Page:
Articles on social change from the latest edition of SSIR
Volume 6, Number 2
The spring 2008 issue of Stanford Social Innovation Review contains three major stories that focus on a nonprofit’s relationship to funding, productivity, and growth. In “The Networked Nonprofit,” the benefit of focusing on networking over growth is examined. “The Funding Gap” explains the social enterprise capital market and examines how to handle philanthropists dubious about funding for-profit social ventures, and commercial investors looking askance at purely social missions. And, in “More Bang for the Buck,” Alex Neuhoff and Robert Searle explore how three nonprofits succeeded in reducing costs without sacrificing the quality of their services.
Organizations should focus less on growing themselves and more on cultivating their networks.
Social enterprises combine the best of the nonprofit and for-profit worlds, but that very innovation has made it difficult for them to raise money. Philanthropists are reluctant to give grants to profit-making organizations, and commercial investors are wary of investing in organizations that are driven by a social mission. The authors explore the social enterprise capital market and offer short- and long-term solutions to this funding gap.
In virtually every for-profit industry, success hinges on producing more goods or services at a lower cost without compromising quality. But increasing productivity can work in the nonprofit world, too, as an examination of three healthy nonprofits shows.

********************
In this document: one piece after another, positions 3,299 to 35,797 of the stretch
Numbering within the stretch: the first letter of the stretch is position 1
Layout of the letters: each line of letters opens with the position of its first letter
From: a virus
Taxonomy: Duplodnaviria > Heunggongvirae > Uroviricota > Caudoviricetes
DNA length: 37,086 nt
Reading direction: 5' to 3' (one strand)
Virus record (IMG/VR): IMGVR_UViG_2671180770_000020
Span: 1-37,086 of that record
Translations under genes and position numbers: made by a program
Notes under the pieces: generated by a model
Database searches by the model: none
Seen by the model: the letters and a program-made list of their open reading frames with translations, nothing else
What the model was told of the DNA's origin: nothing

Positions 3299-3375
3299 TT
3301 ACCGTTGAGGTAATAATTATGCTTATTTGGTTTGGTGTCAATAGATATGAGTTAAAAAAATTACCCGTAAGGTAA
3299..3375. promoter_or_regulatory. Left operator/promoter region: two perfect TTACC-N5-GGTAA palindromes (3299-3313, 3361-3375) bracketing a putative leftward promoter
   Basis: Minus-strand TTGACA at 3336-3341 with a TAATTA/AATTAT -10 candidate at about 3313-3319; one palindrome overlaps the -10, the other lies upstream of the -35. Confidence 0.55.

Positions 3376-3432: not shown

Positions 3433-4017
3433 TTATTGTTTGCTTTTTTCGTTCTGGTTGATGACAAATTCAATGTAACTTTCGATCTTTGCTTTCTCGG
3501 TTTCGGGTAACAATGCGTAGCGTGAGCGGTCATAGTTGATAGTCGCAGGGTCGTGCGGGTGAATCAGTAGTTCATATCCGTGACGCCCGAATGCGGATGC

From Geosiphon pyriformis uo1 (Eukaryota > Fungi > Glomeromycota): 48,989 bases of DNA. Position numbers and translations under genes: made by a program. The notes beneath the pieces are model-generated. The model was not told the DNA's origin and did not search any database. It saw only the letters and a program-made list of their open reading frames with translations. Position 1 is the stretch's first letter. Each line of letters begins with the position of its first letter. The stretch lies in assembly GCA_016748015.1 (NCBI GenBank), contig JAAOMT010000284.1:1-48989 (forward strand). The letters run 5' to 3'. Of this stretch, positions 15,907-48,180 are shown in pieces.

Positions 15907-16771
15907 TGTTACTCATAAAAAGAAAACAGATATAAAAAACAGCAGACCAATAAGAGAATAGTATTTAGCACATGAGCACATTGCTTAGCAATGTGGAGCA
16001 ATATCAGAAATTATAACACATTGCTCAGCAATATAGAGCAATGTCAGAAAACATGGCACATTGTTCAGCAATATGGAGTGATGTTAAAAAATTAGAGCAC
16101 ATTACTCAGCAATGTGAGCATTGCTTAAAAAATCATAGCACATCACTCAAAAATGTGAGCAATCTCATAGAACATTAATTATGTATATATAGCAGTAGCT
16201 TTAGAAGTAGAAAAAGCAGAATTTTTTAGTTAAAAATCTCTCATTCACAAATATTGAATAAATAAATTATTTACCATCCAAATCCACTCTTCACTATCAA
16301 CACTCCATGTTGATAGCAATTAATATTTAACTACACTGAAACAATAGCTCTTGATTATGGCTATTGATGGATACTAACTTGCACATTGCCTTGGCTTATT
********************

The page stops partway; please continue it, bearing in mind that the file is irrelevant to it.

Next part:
The Regeneration Project helps the environmental movement get religion.
MomsRising is tapping a vast resource to improve the lives of American families.
Dancing Deer Bakery helps most when it keeps its eye on the bottom line.
TerraCycle turns what others leave behind into fertilizers and fashion.
When the Salk polio vaccine proved to be effective in 1955, the National Foundation for Infantile Paralysis had to choose whether to close up shop or to pursue a new agenda. The foundation first broadened its mission, but lost donations, volunteers, and public support. After honing its mission to birth defects, however, it recovered. Here's how the organization that eventually became the March of Dimes planned – and survived – its transitions.
For much of its history, Wal-Mart’s corporate management team toiled inside its “Bentonville Bubble,” narrowly focused on operational efficiency, growth, and profits. But now the world's largest retailer has widened its sights, building networks of employees, nonprofits, government agencies, and suppliers to “green” its supply chains. Here's how and why the world’s largest retailer is using a network approach to decrease its environmental footprint – and to increase its profitability.
Why grassroots design will determine the winners in developing markets.
Nonprofits must reign in pro bono MBAs.
How the next president of the United States can spur social entrepreneurship.
The most trusted employees cash in on lax internal controls to fleece nonprofits.
To persuade a whole group, start by changing the minds of a few moderates.
Toxic environments knock impoverished kids’ systems out of kilter.
The more race- and sex-segregated the county, the more Republican it votes.
Xenophobia and altruism may have evolved hand in hand.
Matching grants work – but not for everyone.
Foundation grantmaking can become more responsive, intuitive, and effective.
Who are social entrepreneurs and why does what they do matter?
The former president shares how ordinary citizens are helping to solve our big problems.
SSIR Managing Editor Eric Nee spoke with Escuela Nueva’s president Vicky Colbert about her efforts to change the way children are educated.
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